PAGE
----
Top secret

Dear Comrade Trotsky: It is my earnest request that you should undertake the defence of the Georgian case in the Party C.C. This case is now under ‘persecution’ by Stalin and Dzerzhinsky, and I cannot rely on their impartiality. Quite to the contrary.

I would feel at ease if you agreed to undertake its defence. If you should refuse to do so for any reason, return the whole case to me. I shall consider it a sign that you do not accept.

Lenin then sent the following letter to Stalin:

You have been so rude as to summon my wife to the telephone and use bad language. Although she had told you that she was prepared to forget this, the fact nevertheless became known through her to Zinoviev and Kamenev.

I have no intention of forgetting so easily what has been done against me, and it goes without saying that what has been done against my wife I consider having been done against me as well.

I ask you, therefore, to think it over whether you are prepared to withdraw what you have said and to make your apologies, or whether you prefer that relations between us should be broken off.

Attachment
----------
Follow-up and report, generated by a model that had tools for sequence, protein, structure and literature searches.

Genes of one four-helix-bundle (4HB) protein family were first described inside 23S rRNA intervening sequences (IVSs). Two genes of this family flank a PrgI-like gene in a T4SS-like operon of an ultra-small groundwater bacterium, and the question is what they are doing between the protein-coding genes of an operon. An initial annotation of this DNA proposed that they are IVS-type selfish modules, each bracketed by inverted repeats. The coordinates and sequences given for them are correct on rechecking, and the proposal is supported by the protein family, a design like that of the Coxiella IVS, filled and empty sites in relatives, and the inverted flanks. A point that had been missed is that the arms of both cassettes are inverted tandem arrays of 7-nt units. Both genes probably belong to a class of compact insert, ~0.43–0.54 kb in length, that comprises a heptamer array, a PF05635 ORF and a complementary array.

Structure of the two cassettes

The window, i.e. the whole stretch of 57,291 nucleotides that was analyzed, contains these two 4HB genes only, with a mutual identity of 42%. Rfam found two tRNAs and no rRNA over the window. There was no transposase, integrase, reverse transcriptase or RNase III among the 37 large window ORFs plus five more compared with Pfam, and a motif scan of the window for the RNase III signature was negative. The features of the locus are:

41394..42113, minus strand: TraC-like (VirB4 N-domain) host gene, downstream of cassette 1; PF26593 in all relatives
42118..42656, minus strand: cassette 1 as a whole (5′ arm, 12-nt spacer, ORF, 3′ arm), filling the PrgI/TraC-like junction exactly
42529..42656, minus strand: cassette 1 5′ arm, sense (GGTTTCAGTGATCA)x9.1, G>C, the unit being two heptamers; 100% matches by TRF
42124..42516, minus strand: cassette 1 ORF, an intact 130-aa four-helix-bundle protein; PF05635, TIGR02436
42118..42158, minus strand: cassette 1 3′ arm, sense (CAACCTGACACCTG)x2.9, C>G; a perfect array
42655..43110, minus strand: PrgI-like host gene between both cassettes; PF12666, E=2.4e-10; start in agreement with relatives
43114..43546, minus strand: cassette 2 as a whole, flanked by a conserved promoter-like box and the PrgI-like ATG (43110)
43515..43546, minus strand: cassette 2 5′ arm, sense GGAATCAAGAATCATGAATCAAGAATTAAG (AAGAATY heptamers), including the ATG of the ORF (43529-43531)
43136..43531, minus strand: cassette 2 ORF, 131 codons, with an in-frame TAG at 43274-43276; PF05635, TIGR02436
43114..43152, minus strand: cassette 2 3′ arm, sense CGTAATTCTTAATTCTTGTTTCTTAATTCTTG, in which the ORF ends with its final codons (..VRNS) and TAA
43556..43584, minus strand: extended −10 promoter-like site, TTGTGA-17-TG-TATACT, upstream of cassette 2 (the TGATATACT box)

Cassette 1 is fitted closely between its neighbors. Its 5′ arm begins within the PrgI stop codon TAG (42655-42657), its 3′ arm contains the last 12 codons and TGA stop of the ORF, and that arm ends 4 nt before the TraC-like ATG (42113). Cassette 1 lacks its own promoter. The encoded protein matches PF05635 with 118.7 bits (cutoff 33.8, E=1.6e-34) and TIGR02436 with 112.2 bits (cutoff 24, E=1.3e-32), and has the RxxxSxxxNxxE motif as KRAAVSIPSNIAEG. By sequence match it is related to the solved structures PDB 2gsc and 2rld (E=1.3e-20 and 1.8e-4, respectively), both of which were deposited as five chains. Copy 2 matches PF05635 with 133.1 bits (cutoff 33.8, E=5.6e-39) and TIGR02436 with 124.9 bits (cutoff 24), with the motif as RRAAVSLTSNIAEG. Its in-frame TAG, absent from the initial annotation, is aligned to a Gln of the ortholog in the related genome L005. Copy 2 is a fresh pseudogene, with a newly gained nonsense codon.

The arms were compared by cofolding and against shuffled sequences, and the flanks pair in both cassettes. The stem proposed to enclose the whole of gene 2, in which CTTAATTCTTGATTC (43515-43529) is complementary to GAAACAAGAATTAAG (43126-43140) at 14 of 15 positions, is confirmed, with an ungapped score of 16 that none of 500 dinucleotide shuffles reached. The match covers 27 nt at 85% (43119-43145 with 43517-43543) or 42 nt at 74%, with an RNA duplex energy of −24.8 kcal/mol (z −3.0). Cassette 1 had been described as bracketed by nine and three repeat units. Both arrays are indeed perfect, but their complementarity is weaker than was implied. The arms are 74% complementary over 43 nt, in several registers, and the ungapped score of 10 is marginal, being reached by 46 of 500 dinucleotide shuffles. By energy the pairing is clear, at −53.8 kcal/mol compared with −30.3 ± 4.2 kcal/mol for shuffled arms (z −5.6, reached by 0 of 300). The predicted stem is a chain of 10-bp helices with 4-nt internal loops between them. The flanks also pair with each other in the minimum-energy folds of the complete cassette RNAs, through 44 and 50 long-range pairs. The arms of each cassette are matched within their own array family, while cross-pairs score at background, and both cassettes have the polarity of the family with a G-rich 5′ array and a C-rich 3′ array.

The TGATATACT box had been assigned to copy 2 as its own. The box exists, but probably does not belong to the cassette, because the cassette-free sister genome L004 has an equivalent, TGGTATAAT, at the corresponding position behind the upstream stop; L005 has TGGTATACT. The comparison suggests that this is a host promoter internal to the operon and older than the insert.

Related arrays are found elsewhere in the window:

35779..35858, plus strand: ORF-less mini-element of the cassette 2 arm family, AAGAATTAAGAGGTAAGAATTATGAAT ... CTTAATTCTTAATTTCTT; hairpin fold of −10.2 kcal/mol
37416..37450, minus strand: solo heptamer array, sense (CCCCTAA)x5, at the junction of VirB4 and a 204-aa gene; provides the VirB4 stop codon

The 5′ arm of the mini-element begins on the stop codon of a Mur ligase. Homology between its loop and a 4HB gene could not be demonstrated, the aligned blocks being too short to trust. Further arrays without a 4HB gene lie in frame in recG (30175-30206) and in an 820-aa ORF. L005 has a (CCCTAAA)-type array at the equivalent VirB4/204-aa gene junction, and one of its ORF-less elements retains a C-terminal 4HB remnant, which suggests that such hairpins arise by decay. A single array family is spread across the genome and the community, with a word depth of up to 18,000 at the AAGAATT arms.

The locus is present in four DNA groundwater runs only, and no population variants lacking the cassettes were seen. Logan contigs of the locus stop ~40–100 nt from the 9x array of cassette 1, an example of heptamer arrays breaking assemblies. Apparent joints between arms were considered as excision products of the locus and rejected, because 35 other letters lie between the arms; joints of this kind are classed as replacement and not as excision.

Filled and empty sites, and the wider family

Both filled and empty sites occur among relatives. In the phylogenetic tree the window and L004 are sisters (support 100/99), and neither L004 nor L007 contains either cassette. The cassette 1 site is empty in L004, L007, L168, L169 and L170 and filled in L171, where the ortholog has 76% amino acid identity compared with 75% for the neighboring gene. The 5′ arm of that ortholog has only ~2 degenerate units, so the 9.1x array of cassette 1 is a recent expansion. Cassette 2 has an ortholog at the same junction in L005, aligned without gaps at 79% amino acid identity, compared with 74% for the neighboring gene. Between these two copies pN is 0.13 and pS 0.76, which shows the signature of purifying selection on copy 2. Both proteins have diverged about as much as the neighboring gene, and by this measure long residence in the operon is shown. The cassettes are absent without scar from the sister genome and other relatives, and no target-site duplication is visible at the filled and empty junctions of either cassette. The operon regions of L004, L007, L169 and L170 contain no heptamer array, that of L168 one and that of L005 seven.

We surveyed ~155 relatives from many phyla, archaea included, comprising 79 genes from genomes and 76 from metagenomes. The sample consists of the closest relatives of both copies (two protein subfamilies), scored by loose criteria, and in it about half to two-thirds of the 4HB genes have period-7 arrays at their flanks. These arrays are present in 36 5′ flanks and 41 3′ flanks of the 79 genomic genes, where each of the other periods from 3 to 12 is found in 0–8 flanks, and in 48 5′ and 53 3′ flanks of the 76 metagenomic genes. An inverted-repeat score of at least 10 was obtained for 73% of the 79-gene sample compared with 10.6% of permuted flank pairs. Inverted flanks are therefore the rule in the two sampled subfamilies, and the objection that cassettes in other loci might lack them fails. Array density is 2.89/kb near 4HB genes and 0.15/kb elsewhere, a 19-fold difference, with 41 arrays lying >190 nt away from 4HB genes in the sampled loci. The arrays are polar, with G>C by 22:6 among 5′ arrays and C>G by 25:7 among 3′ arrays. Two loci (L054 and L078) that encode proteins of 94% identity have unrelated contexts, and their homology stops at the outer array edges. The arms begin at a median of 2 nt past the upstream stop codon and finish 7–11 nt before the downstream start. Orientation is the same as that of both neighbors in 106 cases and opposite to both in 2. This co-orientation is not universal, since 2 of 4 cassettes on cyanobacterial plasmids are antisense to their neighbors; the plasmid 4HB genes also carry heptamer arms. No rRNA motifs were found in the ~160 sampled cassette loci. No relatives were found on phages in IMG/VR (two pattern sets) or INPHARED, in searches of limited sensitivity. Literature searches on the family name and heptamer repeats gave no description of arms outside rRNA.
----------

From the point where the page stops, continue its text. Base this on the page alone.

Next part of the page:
Four days later, on March 9, 1923, Lenin suffered a stroke that brought his political career to an end. He died on January 21, 1924. In the aftermath of Lenin’s death, unprincipled maneuvering by Stalin and his factional supporters blocked the reading of the Testament at the Thirteenth Party Congress in 1924. It was to be concealed from the Soviet public for 40 years. Not until 1964 did the Soviet government—11 years after Stalin’s death—allow the inclusion of Lenin’s Testament into a new edition of his Collected Works.

When Lenin wrote the Testament, the extent and significance of the divisions that were developing within the Bolshevik Party were not yet known. Lenin’s Testament and the accompanying notes and memos were an anticipation of the unfolding conflict. In the months that followed, Trotsky continued and developed, in real political time, Lenin’s anticipatory critique of bureaucratism and national chauvinism.

In October 1923, 10 months after Lenin had written his Testament, the Left Opposition was founded. The emergence of the Trotskyist movement marked the continuation of Lenin’s last great struggle.